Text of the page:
While Brenning sees the new policy as “a step forward,” he takes issue with several aspects. For example, it fails to specifically define what a rock glacier is, he said.
He also complains that it leaves the approval of projects that affect the glaciers in the hands of the environmental impact assessment system, which in his view has shown itself to be inefficient and ineffective in such cases.
He also questions the invocation of the so-called “higher interests of the nation.”
The policy approved by the government this month says that “Although the policy states the need to preserve the glaciers, their appropriate management must be considered when the specific needs of the watershed so require, just as eventual interventions will be considered when required by the higher interests of the nation.”
“Perhaps what should be considered is the creation of a policy on land use, to help concentrate these projects in certain areas and keep other areas free of mining,” Brenning suggested.
“It worries me to see projects that in the future could affect areas high up in the mountains where glaciers and rock glaciers are found,” he said.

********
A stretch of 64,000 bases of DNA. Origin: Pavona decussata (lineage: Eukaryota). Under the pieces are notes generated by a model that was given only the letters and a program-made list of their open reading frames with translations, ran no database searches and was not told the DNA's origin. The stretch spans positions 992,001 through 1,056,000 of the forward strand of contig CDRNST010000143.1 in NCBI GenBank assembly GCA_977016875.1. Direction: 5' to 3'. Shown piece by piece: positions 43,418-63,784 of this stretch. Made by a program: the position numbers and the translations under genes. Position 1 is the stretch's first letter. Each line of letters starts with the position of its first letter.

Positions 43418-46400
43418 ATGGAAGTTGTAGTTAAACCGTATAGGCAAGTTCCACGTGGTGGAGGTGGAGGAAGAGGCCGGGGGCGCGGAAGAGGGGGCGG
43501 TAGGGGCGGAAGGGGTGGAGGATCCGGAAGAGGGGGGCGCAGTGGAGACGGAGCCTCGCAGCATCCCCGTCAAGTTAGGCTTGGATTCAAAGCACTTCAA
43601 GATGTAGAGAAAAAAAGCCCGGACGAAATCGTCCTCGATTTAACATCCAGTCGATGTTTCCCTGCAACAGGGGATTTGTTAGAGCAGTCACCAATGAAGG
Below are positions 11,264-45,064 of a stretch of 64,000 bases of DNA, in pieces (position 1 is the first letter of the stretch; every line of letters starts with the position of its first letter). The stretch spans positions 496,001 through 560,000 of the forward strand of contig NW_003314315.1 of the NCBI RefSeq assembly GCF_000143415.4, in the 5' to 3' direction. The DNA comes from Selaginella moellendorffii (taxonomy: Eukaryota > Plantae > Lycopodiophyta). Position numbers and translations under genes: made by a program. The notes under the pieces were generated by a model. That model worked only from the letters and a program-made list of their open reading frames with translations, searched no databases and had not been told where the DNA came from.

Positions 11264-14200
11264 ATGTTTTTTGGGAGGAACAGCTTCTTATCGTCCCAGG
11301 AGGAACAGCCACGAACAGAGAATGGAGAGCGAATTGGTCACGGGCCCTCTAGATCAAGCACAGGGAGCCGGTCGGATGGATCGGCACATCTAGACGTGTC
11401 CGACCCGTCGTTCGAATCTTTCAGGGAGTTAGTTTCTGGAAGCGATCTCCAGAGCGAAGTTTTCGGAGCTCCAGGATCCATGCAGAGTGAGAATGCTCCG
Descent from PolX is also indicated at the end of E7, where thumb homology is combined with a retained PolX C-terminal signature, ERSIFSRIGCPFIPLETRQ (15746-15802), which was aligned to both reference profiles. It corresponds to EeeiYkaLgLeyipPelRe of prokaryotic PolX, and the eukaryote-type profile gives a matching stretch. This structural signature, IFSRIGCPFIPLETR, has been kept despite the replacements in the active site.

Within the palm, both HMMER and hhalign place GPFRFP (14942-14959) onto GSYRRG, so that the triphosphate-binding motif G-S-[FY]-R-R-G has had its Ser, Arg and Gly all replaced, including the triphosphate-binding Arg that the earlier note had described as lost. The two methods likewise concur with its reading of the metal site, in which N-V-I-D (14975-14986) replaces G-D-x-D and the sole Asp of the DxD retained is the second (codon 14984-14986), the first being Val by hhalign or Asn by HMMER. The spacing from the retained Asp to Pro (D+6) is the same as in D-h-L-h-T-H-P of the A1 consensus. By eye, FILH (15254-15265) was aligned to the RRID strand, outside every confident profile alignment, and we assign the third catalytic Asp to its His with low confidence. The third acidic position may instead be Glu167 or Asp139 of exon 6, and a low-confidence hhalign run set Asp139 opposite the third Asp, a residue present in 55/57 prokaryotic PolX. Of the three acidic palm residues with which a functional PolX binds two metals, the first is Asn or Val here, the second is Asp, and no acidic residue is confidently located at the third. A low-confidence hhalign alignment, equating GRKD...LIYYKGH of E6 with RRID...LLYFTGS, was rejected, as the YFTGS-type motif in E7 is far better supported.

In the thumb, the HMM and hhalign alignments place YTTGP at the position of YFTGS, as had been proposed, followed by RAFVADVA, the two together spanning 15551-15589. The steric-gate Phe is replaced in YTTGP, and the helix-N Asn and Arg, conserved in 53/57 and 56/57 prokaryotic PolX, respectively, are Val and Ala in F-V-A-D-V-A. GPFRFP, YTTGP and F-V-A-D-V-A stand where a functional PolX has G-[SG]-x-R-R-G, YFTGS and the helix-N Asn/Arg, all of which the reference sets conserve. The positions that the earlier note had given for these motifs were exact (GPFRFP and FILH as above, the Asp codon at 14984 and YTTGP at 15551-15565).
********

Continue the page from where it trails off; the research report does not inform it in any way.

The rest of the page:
He also said Chile should focus on awareness-raising and education among geologists, geographers, government officials and the general public, especially regarding rock glaciers, about which there is very little understanding.
“Rock glaciers are a hidden, little-known phenomenon. Even in the scientific world, there is very little literature on them. The Alps have been more closely studied,” said Brenning.
The government policy on glaciers states that so far more than 3,100 glaciers have been identified in Chile, with a total estimated surface area of 20,188 square kilometres. Of that total, more than 15,000 square kilometres are made up of the North and South Patagonian Ice Fields.
The surface area that has not yet been mapped is estimated at 4,700 square kilometres of ice.
The policy also states that the majority of Chilean glaciers are retreating and have experienced losses in surface area and thickness in response to climate change.
“The retreat and thinning detected in Chile in the last 30 years have accelerated, to up to twice as fast in the last 10 years,” it says.
Brenning is currently working on monitoring two rock glaciers located in the mountains around the Chilean capital, using instruments like GPS (global positioning system).